The idea to approach the art of drawing or the drawing itself in a spatial manner is often recurring in the work of Dirk Zoete:
“every spatial work - whether it is a model, a sculpture or an installation - is an extension of the drawing.”
This absurd convoy presents a range of mobile "scenes", and functions both as a parade and an exodus, an escape without return, a new form of Danse Macabre.
The Big Convoy entertains the "imaginary" audience with theatrical scenes and decors, set up in an associative way using small sculptures, decorative elements,
edited photos and drawings.
The images present an absurd theatre of (human) life with scenes of human actions and work.
Dirk Zoete presents also a series of pencil drawings with titles such as "The Wild Bunch", "Waiting (Mexican)", "Walk the line ...",
made in the last two years referring to the theme of "The Big Convoy" and "Façade Parade".
Much like these installations, the drawings present scenes that usually take place on stage, in which a variety of things such as utensils,
human and animal figures, (western) landscapes, and buildings act as protagonists.
Dirk Zoete's new installations and drawings are an exciting continuation on the "Flemish Voodoo" (2007) and "Cold Winter Poetry" (2010) series of works.Dirk Zoete:
I am a draughtsman above all.
Everything I do, stems from drawing. To my mind, there isn’t that big a difference between a drawing and, say, an installation.
Fundamentally, they’re the same. The differences between my drawings, models and installations lie elsewhere: in their execution.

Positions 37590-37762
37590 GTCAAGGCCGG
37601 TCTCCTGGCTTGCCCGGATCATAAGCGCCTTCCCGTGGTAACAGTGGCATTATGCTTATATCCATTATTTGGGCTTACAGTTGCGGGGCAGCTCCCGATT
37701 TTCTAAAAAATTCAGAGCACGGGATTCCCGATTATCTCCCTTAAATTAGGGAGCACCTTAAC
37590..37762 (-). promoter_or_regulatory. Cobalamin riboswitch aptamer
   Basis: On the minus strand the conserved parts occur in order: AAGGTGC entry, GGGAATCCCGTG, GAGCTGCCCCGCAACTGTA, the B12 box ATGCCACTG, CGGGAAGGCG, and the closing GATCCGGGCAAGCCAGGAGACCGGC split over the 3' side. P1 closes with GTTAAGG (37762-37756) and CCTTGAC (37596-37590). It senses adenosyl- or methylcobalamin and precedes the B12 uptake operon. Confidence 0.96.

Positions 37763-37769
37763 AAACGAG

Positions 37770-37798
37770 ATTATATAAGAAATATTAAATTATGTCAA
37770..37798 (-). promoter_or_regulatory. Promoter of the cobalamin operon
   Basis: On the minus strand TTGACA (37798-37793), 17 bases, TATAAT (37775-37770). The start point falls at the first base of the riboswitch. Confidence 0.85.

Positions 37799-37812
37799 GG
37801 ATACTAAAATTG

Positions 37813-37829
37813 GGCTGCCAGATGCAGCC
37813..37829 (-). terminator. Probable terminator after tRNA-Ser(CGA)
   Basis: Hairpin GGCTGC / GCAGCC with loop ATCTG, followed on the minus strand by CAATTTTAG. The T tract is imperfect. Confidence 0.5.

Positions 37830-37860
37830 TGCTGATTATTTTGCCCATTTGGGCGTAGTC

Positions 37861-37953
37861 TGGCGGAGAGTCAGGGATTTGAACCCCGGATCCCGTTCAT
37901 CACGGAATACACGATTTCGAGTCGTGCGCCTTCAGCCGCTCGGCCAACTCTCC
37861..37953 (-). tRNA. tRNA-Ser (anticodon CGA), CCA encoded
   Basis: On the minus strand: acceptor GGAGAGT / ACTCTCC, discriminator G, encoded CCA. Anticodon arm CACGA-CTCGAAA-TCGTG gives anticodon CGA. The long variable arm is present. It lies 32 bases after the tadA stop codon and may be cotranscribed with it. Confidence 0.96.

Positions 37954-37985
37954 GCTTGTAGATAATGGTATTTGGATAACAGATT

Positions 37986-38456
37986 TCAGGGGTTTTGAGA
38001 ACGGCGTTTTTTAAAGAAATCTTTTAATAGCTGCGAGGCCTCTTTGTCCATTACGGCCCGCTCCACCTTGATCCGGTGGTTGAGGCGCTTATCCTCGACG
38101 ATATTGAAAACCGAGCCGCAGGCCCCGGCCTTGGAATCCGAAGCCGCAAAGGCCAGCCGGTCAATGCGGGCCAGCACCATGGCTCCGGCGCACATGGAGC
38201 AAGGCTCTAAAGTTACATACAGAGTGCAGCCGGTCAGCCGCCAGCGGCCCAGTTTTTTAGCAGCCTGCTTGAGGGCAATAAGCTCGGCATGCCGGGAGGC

I like to use various stylistic modi operandi, as to reflect the schizoid nature of my praxis.
This approach usually results in series of works, with titles such as ‘Flemish Voodoo’, ‘Collected Courage’ or ‘Cold Winter Poetry’.
Some are cerebral and lean to the investigative and probing, as is the case for ‘Wonen in een hoofd’ (‘Living inside a head’) from 2002.
Other series embrace chaos and the inherent erratic nature of human emotion.
In my most recent work, a series of large-scale graphite drawings, I investigate both the formal and the emotional relationships between
a varied selection of objects and utensils.
To this end, I let them ‘interact’ on a small custom-built stage, as if I were testing a hypothesis, employing a hybrid shamanistic-scientific approach.
The drawings themselves reflect this, as they are, at the same time, artefacts and ‘data’ culled via the ‘experiment’.
Sint Amandsberg, 2011
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